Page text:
Wave's auditable multi-user collaboration turns out to be well-suited for health records, as long as patients don't mind a bit less privacy.
Google Wave, envisioned as a reinvention of e-mail, is not likely to replace e-mail anytime soon. But Google may have found a use for its real-time communications platform beyond puzzling people.
Wave it seems is good for your health records. That's what some Google engineers intend to argue at USENIX HealthSec '10, part of the 19th USENIX Security Symposium, which runs from August 11-13, 2010.
In a paper to be presented at the conference, Google engineers Shirley Gaw and Umesh Shankar observe that aggregating health records from multiple sources, and merging that data in a way that maintains coherence and attribution while supporting the capacity to make corrections, isn't easy.
Current standards for medical health records -- Continuity of Care Record (CCR) and Continuity of Care Document (CCD) -- aren't intended as living documents, the co-authors claim. They're snapshots of clinical data, often without information that describes how changes in a patient's health should be interpreted over time.
"CCR and CCD are byproducts of walled gardens of care, where all inputs to the system came from the inside and were made by users authenticating to the same system," write Gaw and Shankar. "They do not match the more dynamic, messy, and distributed nature of aggregation---but this is precisely what end users, patients, actually want. And unfortunately this issue is not solved by the technology sector’s currently used protocols, such as REST-style (Google Health) and Database-style (Microsoft HealthVault) APIs in use."
"It's built from the ground up to collate multiple sources into a coherent whole," the co-authors state.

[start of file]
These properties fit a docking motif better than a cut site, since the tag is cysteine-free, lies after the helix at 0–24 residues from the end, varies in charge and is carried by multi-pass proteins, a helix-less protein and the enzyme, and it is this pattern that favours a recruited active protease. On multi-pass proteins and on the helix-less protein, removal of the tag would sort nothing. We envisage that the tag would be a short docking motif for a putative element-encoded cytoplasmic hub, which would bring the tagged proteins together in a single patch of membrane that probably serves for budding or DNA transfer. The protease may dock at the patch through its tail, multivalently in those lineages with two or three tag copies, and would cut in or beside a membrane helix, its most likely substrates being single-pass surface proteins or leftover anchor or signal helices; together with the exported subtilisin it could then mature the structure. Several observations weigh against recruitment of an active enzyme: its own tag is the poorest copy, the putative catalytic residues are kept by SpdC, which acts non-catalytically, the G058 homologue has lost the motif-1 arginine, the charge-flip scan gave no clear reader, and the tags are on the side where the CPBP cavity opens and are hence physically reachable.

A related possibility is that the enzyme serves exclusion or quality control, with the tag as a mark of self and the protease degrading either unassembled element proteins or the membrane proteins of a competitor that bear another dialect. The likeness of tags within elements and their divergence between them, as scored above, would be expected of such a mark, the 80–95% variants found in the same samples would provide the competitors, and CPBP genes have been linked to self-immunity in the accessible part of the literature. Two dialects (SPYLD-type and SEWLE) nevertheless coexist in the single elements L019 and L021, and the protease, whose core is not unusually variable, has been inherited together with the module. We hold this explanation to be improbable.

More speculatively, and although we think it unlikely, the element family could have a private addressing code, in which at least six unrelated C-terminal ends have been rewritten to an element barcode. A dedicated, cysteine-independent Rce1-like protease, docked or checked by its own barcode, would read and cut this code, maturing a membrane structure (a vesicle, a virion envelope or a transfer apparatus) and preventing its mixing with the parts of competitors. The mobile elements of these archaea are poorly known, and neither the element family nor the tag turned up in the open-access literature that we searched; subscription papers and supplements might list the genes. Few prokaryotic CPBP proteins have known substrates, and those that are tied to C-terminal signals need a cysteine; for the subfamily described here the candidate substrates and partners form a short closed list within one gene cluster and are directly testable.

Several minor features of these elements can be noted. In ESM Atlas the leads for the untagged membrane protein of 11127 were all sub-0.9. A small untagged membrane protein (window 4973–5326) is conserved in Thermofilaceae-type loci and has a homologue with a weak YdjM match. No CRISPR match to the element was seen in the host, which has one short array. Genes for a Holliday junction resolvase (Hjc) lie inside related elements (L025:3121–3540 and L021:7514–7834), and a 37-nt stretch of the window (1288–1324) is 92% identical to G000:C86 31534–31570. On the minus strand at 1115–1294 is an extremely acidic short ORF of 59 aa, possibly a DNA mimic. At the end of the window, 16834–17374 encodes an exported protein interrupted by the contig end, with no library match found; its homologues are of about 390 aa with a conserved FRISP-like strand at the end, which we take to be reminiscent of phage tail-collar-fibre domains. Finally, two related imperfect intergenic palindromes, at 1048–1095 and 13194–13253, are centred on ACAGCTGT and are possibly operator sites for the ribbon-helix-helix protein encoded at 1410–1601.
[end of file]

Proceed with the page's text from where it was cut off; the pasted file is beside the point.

The Google Wave federation protocol, the open source code that allows Wave servers from different organizations to interoperate, is designed to present sequential updates from multiple sources in a format suitable for distributed medical record keeping.
Distributed medical records are useful because they allow providers and patients to correct medical errors. At the same time, democratized access represents a potential source of liability for health care organizations if it's not clear how a patent's record got changed.
Gaw and Shankar argue that basing a distributed health records system on the Wave federation protocol provides the audit trail and controls necessary to make such a system work.
There's a price to adopting this approach however: privacy.
Gaw and Shankar argue that increased transparency, with providers being able to edit and see each other's data -- the patient's entire history -- is not a bug but a feature. They suggest health care providers offering second opinions or follow-up examinations could update earlier diagnoses, which presumably would contribute to a better clinical outcome.
As for fears that greater health record transparency -- which could also be phrased "diminished health record privacy" -- might enable insurance companies to discriminate against certain patients, Gaw and Shankar conclude such concerns have been "mitigated by the recent health reform bill."
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